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Date: 29 May 2020

Time: 02:03

New sports medicine clinic up and running

Story posted/last updated: 29 November 2012

A new sports medicine clinic is up and running at Queen Elizabeth Hospital Birmingham with everyone from joggers to elite athletes being treated.

The new service is provided by University Hospitals Birmingham NHS Foundation Trust following government campaigns aimed at encouraging more people to get active.

It is the brainchild of the Trust’s Professor of Clinical Traumatology, Professor Sir Keith Porter, and Head of Therapy Services, Yvonne Pettigrew.

The first informal clinic, held within Therapy Services at QEHB, was attended by junior British fencer Laura Hunter-Thomas.

Dr Leon Creaney, Consultant in Sport and Exercise Medicine at UHB, said the new clinic would be open to any level of sport.

He said: “The plan is to open the clinic to all NHS patients, as well as university students, the military and elite/professional sports people. We will also develop an ongoing connection with UK Athletics, who are based in the Alexander Stadium, Perry Barr.

“Patients can be referred by GPs and physiotherapists, but we are also probably going to get referrals from A&E and from fracture clinics.”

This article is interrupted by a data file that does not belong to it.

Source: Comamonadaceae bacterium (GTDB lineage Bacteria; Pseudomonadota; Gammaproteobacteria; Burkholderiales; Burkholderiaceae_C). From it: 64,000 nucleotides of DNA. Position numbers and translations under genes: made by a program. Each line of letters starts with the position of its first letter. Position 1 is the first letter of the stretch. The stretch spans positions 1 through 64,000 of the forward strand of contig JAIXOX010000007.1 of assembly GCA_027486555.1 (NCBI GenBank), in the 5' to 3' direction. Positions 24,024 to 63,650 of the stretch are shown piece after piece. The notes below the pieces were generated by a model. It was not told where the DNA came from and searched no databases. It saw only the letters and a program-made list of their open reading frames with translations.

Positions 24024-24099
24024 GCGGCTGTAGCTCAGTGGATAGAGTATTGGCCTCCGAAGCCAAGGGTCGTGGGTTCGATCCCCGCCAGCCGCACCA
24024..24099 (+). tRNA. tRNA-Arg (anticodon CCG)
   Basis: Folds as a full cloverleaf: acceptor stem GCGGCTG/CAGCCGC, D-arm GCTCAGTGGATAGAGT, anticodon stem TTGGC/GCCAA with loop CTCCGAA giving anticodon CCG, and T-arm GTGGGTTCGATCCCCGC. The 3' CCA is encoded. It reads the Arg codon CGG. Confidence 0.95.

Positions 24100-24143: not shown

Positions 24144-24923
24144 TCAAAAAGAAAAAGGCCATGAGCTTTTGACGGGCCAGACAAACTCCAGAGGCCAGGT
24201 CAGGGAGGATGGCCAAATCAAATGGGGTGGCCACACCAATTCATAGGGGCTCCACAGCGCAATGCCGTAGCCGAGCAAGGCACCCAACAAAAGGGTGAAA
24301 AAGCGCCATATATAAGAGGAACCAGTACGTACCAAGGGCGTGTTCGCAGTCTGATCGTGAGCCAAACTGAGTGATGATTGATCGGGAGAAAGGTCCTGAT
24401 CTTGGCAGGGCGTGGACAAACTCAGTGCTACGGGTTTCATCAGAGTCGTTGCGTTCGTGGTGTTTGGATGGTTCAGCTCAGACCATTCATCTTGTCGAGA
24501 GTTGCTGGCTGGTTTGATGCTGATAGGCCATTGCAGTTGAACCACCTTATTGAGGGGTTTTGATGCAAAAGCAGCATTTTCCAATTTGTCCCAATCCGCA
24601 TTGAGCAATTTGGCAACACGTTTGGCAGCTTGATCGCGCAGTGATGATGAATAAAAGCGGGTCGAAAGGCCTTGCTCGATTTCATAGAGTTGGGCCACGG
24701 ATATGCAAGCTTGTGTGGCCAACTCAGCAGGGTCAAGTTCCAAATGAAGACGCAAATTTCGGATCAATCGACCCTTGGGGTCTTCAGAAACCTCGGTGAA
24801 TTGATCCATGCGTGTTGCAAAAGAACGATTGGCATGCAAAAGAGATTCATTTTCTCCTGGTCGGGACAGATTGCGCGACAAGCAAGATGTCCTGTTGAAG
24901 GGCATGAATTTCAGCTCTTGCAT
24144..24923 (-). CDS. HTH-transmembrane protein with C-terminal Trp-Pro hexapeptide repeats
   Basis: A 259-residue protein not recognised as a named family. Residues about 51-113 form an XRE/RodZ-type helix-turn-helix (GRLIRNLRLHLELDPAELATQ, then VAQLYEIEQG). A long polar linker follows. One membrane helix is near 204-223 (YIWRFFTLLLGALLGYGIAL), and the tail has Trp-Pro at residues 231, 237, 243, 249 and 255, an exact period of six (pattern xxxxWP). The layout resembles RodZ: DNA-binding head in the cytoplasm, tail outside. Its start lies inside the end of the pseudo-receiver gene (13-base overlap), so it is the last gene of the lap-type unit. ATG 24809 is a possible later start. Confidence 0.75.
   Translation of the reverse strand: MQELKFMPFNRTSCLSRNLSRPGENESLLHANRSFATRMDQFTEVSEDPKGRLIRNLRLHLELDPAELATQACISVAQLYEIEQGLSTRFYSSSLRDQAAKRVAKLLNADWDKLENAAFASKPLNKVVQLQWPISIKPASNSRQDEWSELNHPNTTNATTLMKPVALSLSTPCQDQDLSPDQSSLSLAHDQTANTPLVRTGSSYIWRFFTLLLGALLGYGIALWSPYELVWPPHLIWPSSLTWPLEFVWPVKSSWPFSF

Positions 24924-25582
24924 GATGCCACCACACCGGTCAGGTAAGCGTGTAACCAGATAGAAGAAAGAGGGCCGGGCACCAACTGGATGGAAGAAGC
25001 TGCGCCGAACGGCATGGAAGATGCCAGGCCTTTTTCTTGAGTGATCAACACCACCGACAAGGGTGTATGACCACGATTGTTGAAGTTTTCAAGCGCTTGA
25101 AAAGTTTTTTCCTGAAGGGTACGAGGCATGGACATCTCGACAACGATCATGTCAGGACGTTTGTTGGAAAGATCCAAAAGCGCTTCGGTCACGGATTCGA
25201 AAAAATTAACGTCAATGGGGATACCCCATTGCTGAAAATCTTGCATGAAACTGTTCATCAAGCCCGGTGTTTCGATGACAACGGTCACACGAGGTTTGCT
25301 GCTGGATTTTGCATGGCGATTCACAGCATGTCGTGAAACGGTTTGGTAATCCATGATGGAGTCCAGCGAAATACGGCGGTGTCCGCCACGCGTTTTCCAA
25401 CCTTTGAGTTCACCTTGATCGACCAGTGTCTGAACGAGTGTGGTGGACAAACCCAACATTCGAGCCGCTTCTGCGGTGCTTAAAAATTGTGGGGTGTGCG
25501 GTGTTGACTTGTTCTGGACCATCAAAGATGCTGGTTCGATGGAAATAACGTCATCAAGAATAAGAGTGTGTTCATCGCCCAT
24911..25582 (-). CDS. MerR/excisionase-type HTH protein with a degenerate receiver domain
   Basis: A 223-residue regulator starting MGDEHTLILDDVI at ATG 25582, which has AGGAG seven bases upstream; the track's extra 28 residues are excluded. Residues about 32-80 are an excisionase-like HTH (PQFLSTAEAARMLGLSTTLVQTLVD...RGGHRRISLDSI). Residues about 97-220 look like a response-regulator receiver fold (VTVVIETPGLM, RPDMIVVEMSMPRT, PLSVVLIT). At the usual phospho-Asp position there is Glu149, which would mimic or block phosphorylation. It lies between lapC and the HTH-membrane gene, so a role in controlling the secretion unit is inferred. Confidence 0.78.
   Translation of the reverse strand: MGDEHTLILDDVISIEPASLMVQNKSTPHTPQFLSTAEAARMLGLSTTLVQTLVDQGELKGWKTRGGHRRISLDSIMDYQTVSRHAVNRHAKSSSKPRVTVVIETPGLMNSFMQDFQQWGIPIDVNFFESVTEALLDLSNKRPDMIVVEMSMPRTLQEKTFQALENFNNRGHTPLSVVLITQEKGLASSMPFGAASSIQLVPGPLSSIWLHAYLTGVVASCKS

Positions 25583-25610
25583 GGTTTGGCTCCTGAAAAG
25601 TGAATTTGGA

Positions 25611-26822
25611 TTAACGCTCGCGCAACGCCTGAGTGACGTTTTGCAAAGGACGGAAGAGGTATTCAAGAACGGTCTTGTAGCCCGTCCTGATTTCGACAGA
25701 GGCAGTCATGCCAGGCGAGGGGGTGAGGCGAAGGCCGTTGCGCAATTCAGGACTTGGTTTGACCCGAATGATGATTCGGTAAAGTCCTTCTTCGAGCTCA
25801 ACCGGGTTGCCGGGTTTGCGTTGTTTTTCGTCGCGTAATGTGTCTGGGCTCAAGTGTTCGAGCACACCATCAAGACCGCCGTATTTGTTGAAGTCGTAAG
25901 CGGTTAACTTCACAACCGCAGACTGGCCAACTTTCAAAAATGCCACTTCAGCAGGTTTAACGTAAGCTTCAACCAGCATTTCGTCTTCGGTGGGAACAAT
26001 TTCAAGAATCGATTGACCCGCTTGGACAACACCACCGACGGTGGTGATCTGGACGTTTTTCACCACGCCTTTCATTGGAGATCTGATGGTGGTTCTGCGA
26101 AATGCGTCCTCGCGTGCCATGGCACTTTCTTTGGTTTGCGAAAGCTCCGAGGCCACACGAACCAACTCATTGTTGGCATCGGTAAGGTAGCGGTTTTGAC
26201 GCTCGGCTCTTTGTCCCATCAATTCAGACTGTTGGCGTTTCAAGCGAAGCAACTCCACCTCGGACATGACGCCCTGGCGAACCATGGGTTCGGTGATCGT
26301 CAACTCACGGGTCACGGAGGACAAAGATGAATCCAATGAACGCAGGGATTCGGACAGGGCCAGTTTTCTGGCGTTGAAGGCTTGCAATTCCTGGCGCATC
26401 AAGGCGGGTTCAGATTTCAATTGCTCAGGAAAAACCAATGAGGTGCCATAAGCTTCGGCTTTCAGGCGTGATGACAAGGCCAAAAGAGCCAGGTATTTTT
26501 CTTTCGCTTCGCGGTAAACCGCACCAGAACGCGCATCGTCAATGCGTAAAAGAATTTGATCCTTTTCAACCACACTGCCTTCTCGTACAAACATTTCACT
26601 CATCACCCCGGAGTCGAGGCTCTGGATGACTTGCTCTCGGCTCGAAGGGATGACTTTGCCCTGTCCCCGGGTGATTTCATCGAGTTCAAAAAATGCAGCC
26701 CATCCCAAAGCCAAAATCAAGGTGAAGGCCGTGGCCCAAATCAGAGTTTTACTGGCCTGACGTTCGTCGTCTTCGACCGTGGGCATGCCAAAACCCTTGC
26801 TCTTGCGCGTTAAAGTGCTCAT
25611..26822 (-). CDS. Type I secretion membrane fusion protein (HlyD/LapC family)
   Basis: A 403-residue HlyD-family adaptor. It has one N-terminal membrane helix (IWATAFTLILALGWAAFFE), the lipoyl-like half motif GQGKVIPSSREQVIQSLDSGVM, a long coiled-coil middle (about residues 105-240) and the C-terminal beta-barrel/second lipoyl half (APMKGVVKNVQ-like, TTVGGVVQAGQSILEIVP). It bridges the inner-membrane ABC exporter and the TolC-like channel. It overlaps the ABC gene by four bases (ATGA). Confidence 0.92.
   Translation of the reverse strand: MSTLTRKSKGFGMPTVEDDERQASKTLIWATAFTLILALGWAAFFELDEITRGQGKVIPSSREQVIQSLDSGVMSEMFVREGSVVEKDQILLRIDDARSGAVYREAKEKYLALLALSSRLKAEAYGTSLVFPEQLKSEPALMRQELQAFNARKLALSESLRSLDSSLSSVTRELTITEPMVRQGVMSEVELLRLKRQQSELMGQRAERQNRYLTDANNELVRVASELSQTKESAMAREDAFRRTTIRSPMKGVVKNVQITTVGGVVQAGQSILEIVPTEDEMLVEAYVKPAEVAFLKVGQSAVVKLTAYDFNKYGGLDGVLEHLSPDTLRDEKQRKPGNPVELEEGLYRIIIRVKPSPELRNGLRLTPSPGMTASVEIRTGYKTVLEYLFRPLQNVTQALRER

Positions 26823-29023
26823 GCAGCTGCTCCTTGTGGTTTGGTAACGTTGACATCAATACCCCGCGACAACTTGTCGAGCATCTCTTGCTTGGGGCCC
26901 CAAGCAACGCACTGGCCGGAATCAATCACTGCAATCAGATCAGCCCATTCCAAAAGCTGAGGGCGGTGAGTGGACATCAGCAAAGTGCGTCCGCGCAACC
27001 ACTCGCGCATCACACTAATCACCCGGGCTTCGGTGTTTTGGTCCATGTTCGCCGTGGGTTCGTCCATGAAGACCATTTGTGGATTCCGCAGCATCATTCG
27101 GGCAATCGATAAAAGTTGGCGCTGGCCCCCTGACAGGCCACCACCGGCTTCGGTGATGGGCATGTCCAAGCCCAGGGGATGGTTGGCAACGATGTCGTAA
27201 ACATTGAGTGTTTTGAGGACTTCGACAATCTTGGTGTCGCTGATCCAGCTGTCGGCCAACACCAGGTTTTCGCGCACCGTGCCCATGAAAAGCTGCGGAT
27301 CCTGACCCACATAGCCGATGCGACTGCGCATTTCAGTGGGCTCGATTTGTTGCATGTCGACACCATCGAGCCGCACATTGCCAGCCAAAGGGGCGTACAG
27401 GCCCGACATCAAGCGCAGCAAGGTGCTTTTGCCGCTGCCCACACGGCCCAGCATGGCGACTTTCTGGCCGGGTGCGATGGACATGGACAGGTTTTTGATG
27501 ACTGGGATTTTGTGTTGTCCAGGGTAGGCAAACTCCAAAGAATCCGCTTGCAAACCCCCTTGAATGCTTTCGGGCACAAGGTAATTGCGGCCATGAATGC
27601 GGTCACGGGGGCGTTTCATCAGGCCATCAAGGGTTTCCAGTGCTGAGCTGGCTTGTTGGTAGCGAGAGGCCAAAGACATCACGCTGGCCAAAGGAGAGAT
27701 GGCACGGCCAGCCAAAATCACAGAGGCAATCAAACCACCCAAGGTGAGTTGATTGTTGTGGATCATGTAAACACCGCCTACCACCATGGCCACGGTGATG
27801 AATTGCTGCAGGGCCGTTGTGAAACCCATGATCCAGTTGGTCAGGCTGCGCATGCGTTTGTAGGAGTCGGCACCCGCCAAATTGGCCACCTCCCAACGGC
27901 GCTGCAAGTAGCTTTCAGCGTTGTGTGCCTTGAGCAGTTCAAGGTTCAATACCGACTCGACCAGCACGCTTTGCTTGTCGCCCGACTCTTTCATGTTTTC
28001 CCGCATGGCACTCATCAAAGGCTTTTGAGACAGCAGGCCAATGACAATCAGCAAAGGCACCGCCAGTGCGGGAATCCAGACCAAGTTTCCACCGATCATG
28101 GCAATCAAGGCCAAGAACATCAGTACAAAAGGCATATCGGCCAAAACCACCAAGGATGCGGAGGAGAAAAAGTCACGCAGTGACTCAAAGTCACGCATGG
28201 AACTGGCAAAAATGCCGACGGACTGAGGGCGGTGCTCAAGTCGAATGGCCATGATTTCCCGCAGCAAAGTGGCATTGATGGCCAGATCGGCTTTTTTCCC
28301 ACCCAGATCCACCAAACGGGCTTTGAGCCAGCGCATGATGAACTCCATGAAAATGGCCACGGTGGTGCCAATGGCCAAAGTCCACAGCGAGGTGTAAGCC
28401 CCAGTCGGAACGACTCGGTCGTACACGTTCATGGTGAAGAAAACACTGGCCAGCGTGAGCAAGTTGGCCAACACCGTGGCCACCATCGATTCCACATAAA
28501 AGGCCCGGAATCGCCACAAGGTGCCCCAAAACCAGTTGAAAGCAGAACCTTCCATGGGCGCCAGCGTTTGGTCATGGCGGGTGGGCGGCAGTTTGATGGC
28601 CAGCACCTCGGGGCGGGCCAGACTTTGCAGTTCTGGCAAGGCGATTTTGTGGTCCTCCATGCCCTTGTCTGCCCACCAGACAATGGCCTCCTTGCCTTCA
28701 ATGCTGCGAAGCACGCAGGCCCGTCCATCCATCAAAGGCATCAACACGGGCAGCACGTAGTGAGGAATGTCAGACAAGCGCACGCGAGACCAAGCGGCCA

The Government, through Sport England, is committed to getting one million people participating in sport by 2012-13. This is measured by adults completing at least 30 minutes of moderate intensity sport three or more times a week.

Dr Creaney added: “What is behind this is that the Trust has realised there is an unmet need in this area. The Government is trying to get a million people more active, but the flipside is that more people will get injuries.

“But it’s not just about injuries, it’s any problem that sports people get, such as issues with fatigue or iron deficiency. And that can apply to elite and professional athletes as well as people doing recreational exercise.”

The new sports medicine clinic could also be utilised by Trust staff.

“We are looking at having a designated sports clinic for employees as we recognise that we have a big staff base and that a lot of them are doing sports. It’s in our interests to look after the health of our staff.”

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